Here is the minute-by-minute display of electricity consumption that Foward Energy Solutions saw after just one day:

Notice the two distinct sets of spikes in energy consumption. The first occurred just before 4:00 a.m. when no one was in the building. The next set of distinct spikes started at 7:00 a.m. and continued until 5:00 p.m. Each of the spikes lasted only a minute or less and were not noticed by the people in the building. But over time they amounted to a significant increase in kwh consumption. They also may increase the peak demand charges on the company's monthly electric bill.

The culprits were quickly identified. A small refrigerator was malfunctioning and spiking the consumption at 4 a.m. An air-conditioning system in need of repair was causing the spikes during regular business hours.

Catching these types of problems generates immediate savings by reducing kwh consumption and peak demand charges. The avoided costs will continue to be realized each and every month into the future, often adding up to thousands of dollars in energy savings.

Identifying these types of problems early on also avoids the cost of more expensive repairs down the line. Without monitoring, no one would have noticed the air-conditioning problem until it stopped cooling the building -- most likely on the hottest day of the year. At that point, the company would have already wasted money on unnecessary energy costs, plus it would be facing the higher cost of repairing or replacing the air-conditioning system on an emergency basis. Not to mention the loss of employee productivity in a sweltering office until the repairs could be made.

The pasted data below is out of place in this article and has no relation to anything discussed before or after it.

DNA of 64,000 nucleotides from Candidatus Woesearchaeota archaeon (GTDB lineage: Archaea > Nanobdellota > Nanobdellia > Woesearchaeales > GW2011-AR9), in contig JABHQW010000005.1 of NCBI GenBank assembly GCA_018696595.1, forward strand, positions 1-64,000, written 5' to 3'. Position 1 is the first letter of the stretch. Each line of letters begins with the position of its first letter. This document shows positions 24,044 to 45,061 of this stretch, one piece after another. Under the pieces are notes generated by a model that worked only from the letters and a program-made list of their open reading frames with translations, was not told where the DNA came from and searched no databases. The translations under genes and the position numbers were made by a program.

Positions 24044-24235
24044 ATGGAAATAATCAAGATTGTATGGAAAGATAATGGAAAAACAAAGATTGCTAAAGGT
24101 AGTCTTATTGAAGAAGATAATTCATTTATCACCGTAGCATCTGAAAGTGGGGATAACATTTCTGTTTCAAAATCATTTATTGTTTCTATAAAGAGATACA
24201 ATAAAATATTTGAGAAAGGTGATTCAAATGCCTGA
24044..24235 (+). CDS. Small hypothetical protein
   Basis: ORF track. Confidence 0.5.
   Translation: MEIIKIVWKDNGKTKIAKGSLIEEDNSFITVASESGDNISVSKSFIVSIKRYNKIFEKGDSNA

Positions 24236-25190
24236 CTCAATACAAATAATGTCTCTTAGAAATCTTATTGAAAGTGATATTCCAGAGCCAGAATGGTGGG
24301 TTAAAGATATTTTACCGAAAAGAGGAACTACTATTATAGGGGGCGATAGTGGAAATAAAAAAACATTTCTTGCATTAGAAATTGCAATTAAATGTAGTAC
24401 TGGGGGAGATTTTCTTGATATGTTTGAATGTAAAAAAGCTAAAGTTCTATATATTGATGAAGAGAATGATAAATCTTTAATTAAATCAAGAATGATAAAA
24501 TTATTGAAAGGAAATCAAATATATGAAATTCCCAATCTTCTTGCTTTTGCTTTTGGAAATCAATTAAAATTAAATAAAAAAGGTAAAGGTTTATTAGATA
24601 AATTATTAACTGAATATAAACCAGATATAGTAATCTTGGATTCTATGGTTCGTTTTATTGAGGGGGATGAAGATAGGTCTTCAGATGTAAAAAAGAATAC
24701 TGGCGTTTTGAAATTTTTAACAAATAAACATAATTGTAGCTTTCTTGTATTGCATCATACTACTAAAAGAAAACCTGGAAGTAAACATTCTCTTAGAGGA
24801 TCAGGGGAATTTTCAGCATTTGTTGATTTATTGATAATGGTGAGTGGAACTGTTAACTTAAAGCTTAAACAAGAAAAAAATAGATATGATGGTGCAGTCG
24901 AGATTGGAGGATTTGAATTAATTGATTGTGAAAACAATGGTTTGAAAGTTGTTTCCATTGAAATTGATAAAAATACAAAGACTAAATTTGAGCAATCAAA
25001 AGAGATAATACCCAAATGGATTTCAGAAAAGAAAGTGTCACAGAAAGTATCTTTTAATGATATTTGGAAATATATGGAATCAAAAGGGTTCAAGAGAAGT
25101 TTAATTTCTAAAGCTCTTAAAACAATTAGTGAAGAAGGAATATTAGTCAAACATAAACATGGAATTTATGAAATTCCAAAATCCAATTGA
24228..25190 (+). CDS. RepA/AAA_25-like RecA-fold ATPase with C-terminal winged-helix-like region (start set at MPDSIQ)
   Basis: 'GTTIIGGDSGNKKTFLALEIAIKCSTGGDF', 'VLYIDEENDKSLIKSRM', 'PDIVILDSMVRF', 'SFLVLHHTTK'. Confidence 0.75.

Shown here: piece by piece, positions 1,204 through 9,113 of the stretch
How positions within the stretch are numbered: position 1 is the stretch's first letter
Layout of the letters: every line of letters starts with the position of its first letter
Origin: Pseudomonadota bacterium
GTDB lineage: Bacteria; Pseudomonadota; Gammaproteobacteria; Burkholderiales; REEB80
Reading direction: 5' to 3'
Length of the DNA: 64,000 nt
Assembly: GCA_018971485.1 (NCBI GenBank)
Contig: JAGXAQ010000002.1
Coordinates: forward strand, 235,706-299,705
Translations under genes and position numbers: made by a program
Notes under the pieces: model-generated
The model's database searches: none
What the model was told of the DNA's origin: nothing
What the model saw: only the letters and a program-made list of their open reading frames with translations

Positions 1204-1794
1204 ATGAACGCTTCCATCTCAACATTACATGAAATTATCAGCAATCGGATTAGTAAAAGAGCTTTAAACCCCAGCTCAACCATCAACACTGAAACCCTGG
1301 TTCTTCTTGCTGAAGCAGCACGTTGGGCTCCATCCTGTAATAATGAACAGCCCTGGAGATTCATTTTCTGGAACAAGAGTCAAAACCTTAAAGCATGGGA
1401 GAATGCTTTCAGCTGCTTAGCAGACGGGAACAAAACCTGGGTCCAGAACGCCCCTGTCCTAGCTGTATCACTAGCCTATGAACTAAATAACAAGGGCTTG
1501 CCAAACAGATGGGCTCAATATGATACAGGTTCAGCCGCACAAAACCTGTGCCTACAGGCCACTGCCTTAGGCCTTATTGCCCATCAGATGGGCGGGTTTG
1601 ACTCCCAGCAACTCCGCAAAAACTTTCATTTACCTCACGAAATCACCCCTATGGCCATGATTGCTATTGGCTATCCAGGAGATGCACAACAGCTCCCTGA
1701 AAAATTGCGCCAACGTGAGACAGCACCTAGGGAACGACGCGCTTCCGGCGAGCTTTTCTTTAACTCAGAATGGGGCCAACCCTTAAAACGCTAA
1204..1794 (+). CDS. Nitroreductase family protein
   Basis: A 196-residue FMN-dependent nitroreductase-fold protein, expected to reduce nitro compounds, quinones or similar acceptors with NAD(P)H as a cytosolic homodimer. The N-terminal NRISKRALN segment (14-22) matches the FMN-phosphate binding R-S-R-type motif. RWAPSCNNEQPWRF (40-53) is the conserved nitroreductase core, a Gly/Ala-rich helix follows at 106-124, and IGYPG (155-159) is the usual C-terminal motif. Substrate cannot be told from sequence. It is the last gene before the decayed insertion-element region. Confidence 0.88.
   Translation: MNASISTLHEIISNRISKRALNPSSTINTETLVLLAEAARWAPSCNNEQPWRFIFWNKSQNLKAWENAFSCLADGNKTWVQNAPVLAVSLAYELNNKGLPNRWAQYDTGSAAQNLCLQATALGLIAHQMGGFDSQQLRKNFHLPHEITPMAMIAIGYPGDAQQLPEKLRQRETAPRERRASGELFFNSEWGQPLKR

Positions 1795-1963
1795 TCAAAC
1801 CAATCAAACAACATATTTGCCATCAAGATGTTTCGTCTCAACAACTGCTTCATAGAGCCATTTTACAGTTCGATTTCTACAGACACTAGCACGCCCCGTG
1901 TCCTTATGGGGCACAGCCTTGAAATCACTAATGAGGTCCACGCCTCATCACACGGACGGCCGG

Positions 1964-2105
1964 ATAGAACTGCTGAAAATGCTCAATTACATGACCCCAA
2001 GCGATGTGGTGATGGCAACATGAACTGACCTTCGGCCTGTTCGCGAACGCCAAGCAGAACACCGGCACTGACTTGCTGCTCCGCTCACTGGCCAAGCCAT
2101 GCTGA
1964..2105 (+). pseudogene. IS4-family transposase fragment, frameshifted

Francis X. Lamparello, P.E., the Chief Technology Officer at Davies Energy Systems, says that he finds these types of issues in almost every building. But these problems are just the tip of the iceberg when it comes to saving energy. "Buildings are living, breathing entities that must be monitored and adjusted on a continuous basis," he says. "For example, maintaining proper air pressure inside the building can keep warm air from entering in the summer, and letting in more cool outside air on a sunny Fall day can give you 'free cooling' to offset the heat caused by the sun shining on the windows." All of these energy saving solutions, he points out, are free or inexpensive once you have real-time monitoring and expert advice on how to manage the facility.

What's next for Forward Energy Solutions? Now that they have the data, they are working with Davies Energy on a number of additional ways to drive down their energy costs. More on that in later blog posts.

John Howley

Orlando, Florida